wielding barbarians all answered to the leader of this camp, a mul by the name
Borthomar.
It was with him that I managed to build a friendship over the years, though his wild
ways were off-putting at first. And though he seemed as wild and barbaric as his
diminutive cohorts, he was in fact a well travelled man that had trekked across the world
and even in the Feywild, in search of balance, before the affairs closer at home put an end
to his journeys.
Once he warmed up to me he talked at length of his adventures in far off places, and
the reasons he was set on this path at a young age, as a means to control the curse of
lycanthropy he was afflicted with. Of particular interest were his descriptions of the Old
Faith and the way the various Druidic circles communicate and congregate over long
periods of time and great distances.

According to Borthomar, the Old Faith has a very rich oral tradition, but little of it
is written down, but rather passed from master to initiate. Their history spans millennia,
and the Druidic circles claim to be older than the organized worship of the divines. Whether
this is true or not I cannot say; their practices though seem to indicate their origin long
before civilisation took hold in the hearts of men.
The Druidic circles are varied, each focusing on some specific aspect of the
relationship of nature and thinking people, yet all sharing a common goal of maintaining
balance in the world. Yet, this isn't a creed like that of our own church of Bahamut, but
rather a set of ideals that promote the coexistence with nature. It is hard to completely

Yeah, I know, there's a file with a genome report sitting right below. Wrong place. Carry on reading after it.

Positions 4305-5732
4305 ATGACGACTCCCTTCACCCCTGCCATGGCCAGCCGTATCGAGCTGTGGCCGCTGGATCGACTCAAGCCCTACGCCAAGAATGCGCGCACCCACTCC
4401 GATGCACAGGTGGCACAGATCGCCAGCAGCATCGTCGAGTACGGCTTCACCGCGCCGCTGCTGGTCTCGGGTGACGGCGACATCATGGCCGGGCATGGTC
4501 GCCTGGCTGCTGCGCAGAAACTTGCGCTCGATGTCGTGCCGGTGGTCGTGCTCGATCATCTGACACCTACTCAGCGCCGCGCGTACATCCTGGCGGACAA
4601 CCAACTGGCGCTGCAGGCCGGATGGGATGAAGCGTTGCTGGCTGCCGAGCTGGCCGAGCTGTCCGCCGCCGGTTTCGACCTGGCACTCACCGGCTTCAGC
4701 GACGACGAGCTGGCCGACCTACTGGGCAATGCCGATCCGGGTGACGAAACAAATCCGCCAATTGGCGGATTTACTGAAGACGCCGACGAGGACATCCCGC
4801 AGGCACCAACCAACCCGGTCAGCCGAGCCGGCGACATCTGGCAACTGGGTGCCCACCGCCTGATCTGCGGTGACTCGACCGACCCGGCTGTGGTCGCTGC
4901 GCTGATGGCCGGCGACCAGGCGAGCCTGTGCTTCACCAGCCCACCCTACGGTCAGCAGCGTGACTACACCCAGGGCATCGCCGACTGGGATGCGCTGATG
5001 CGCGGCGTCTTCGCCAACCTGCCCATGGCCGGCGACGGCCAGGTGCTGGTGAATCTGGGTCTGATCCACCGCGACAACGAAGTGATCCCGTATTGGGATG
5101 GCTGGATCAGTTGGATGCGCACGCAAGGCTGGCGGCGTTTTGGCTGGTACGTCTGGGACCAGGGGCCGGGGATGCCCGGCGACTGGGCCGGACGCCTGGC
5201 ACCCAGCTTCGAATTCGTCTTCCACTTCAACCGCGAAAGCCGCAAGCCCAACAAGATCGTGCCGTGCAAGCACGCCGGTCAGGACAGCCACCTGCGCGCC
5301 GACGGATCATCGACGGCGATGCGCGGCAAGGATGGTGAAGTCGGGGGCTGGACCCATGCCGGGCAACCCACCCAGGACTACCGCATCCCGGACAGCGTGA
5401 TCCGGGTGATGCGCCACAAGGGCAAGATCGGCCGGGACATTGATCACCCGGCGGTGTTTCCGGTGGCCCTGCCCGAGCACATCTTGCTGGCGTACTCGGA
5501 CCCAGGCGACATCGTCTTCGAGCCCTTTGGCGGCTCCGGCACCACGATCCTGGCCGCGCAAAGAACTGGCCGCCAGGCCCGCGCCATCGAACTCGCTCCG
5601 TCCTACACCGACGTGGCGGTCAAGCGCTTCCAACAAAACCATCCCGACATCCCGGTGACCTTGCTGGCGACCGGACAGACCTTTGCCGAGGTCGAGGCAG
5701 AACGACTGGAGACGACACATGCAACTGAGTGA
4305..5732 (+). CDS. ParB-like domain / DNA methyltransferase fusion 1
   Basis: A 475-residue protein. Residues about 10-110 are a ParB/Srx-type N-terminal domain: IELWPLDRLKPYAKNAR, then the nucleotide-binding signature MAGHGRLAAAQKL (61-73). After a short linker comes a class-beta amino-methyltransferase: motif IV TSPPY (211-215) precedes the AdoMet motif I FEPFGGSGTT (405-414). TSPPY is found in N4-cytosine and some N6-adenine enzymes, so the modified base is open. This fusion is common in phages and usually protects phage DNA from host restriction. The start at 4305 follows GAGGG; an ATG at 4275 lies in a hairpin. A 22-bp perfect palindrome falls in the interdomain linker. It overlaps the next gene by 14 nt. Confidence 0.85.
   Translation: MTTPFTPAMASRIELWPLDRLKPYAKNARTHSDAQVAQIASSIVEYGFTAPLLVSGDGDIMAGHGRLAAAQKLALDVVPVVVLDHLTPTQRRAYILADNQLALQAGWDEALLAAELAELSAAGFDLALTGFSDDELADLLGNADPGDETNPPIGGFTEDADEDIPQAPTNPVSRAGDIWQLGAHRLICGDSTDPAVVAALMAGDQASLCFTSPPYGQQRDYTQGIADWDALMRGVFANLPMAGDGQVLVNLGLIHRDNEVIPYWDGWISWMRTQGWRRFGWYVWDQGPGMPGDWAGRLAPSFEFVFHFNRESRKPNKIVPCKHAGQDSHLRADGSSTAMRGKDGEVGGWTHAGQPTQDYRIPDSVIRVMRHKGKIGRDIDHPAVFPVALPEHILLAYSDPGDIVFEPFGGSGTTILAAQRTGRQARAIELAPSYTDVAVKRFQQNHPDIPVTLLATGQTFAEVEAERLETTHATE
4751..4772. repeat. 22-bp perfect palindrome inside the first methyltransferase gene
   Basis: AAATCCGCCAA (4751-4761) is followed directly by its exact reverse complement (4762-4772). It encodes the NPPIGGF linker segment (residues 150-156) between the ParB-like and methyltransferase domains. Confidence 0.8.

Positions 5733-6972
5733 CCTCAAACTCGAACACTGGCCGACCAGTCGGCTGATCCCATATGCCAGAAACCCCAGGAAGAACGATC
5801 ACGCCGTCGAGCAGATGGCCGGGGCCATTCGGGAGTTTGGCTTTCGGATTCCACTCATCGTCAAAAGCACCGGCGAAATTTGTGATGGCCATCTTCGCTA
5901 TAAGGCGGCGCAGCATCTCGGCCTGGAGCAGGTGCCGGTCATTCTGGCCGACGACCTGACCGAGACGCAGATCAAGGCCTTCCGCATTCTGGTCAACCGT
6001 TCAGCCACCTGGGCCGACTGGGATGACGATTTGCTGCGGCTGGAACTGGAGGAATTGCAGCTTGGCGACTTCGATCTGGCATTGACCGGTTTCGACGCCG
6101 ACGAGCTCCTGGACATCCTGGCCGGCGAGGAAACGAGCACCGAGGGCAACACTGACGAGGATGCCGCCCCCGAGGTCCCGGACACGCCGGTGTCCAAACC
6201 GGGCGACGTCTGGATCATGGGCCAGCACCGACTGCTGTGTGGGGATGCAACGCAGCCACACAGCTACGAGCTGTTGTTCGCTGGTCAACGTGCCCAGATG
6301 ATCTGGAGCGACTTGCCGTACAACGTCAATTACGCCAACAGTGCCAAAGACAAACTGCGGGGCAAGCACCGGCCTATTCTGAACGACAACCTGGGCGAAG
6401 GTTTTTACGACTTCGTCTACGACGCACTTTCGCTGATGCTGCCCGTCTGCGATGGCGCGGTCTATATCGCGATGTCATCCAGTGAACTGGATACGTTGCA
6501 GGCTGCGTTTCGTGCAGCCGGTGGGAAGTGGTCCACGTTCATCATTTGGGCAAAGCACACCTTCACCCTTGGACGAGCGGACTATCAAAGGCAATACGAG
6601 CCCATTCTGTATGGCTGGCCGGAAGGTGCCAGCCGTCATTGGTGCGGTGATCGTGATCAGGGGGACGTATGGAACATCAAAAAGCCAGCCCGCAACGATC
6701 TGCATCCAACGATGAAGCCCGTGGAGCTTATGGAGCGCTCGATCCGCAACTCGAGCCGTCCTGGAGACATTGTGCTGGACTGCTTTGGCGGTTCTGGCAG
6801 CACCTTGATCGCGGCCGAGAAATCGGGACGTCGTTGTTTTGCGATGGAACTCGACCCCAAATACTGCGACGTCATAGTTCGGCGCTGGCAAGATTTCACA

grasp what each circle is exactly about; it certainly is something that is inherited from
master to initiate, but the teachings of each are so esoteric that only people fully immersed
their whole lives in them would comprehend.

Borthomar found his master a druid belonging to the circle of the Shepherd in the
Feywild at a young age as he was seeking ways to control his curse. He was chosen as an
initiate along with several other, and it is my understanding that this was normal,
though only very few would succeed in mastering their druidcraft. It is possible that other
master might choose their initiates differently; that is something that is more than
possible, considering the isolation of druids.

Yet, for all their separatism and isolation, there are several traditions and meetings
that have carried down across millennia to this day. There are four yearly celebrations,
Imbolc on the day of Winter's Solstice, Beltane on the day of the Spring Equinox,
Lughnasadh on the day of the Summer Solstice, and Samhain on the day of the Autumn
Equinox. If possible, druids that leave in relative closeness together gather upon these days
along with their initiates, or if they have some standing with the local community lead